Metal Buildings Outperform Other Structures in Natural Disasters
In the wake of the devastating natural disasters recently inflicted on the U.S., building stronger structures like steel buildings is vital. Choosing to build structures to stand up to Mother Nature at her worst just makes sense.
Counting the Cost of Catastrophic Events
The escalating cost of natural disasters in the U.S. boggles the mind.
According to National Oceanic and Atmospheric Administration (NOAA), since 1980 the U.S. has suffered 170 weather related disasters where damages topped $1 billion. Total cost of the events is more than $1 trillion.
The U.S. government now spends an estimated $50 billion annually on disaster relief. That reflects a significant jump from the average $10 billion per year spent just a decade ago. It works out to $408 per year for every household in the country.
Hurricane Sandy alone racked up a $60 billion price tag for the government. Hurricane Katrina cost $50 billion in Federal spending.
Large-scale disasters also wreak havoc with insurance costs. Insurance losses for natural disasters in 2013 soared to $86.4 billion in the U.S.
Government and insurance costs reflect only part of the economic impacts of catastrophic disasters. Charitable organizations spend millions more for aid and assistance— money usually garnered from donations across the country.
In 1994, an earthquake in Northridge, California killed an estimated 60 people, injured thousands more, and destroyed 112,000 structures. Measuring 6.7 on the Richter scale, the quake ran up an estimated $42 billion in damages— $61.3 billion adjusted to today’s dollars.
Deigned to produce the strongest possible structure with the least amount of steel, low-rise prefabricated metal buildings perform well in earthquakes. Because steel has the highest strength–to-weight ratio of any building material, pre-engineered metal buildings typically weight less than other building methods. Lighter buildings carry less stress in an earthquake.
The bolted connections of pre-engineered steel buildings— called moment connections— allow a certain amount of give in earthquakes. Moment connects are far less likely to fail than wood framing or other types of structures.
Weather and Climate Related Disasters
Mother Nature’s tantrums produce windstorms like derechoes, violent thunderstorms, dangerous lightning, punishing tornadoes, heavy snowfalls, howling hurricanes, and devastating wildfires. No matter where you live, you are vulnerable to at least some of these natural disasters.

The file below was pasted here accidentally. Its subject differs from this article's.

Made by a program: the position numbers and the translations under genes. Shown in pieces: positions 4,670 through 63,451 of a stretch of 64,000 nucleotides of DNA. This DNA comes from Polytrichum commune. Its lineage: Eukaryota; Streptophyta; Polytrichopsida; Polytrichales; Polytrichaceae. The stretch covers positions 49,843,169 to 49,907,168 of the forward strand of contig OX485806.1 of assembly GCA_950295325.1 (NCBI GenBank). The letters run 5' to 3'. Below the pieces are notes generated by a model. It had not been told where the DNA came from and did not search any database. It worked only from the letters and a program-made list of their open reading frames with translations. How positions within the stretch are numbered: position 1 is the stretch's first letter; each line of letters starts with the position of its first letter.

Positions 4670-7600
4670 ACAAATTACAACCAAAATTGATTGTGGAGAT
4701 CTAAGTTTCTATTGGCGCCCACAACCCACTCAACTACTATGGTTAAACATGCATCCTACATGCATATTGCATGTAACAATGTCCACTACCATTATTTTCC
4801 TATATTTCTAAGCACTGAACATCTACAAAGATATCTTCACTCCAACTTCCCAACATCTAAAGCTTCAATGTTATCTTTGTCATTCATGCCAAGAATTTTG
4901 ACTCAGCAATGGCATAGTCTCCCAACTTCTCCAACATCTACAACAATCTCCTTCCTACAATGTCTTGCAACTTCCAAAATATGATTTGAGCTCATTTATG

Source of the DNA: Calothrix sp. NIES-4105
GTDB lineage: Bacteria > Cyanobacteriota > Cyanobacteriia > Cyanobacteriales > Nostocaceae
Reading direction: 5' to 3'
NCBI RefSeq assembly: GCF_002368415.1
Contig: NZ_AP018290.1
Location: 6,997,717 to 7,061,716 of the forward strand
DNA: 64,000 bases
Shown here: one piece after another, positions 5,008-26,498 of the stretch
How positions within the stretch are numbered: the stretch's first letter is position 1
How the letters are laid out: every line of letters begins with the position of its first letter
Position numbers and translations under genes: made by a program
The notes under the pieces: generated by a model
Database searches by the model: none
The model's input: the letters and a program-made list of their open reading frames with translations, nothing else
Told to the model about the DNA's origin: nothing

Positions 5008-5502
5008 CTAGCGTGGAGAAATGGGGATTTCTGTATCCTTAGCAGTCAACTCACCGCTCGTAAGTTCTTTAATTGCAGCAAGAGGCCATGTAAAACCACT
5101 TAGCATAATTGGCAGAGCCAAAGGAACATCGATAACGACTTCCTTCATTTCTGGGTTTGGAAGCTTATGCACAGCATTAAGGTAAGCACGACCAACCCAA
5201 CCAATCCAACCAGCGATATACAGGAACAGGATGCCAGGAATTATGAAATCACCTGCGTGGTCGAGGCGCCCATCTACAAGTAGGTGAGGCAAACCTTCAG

WIND-DRIVEN DISASTERS: RHINO metal buildings will meet or exceed every building code at your location— guaranteed. For additional protection, you may choose to increase the loads required. The stronger the design, the less likely your property will suffer from high speed winds in derechoes, hurricanes, blizzards, thunderstorms, or tornadoes.
Much of structural damage inflicted by high winds results from connection failure. In a wood-framed structure, for example, winds create a lifting force on the roof. Nails connections pull out under pressure. Once the roof disconnects, the walls become vulnerable to collapse.
With strong bolt and nut connections, pre-engineered steel structures hold fast under extreme wind pressure. Wall and roof connections stay intact.
LIGHTNING DISASTERS: As a poor conductor of electricity, wood resists lightning strikes. The lightning lashes out from the framing, striking and igniting nearby objects.
Steel is a perfect conductor of electricity. In a well-grounded metal building, lightning passes through the framing, discharging harmlessly into the ground.
SNOW DISASTERS: RHINO structures meet all local snow load codes. Upon request, your structure can include even higher snow resistance, for additional protection.
FIRE DISASTERS: Wildfires make the news often these days. Recent years of below normal rainfall have amplified wildfire danger. According to the NOAA study, 11 wildfires since 1980 have surpassed $1 billion in damages.
Fire-resistant steel is far less likely to suffer damage in a fire.
Wood framing often turns out to be the point of ignition in a building fire; steel is never the point of ignition. Wood framing adds fuel to a fire; steel does not all fuel to a fire.
The fire-resistant qualities of commercial-grade steel framing often earn significant discounts on insurance.
RHINO Metal Buildings
Some attribute the rising costs of natural disasters to global warming. Others believe the increase of events is part of a natural pattern of weather cycles.
Whatever the cause in the increased number of these calamities, soaring property values are sure to make future events even more expensive. Building stronger, safer, pre-engineered steel buildings constitutes one of the best defenses from natural disasters.
Learn more about RHINO steel building systems. Call and discuss your building project with one of our friendly, knowledgeable metal building specialists. They will be happy to answer all of your questions and give you a fast, accurate quote for your project.
Call RHINO now at 940.383.9566.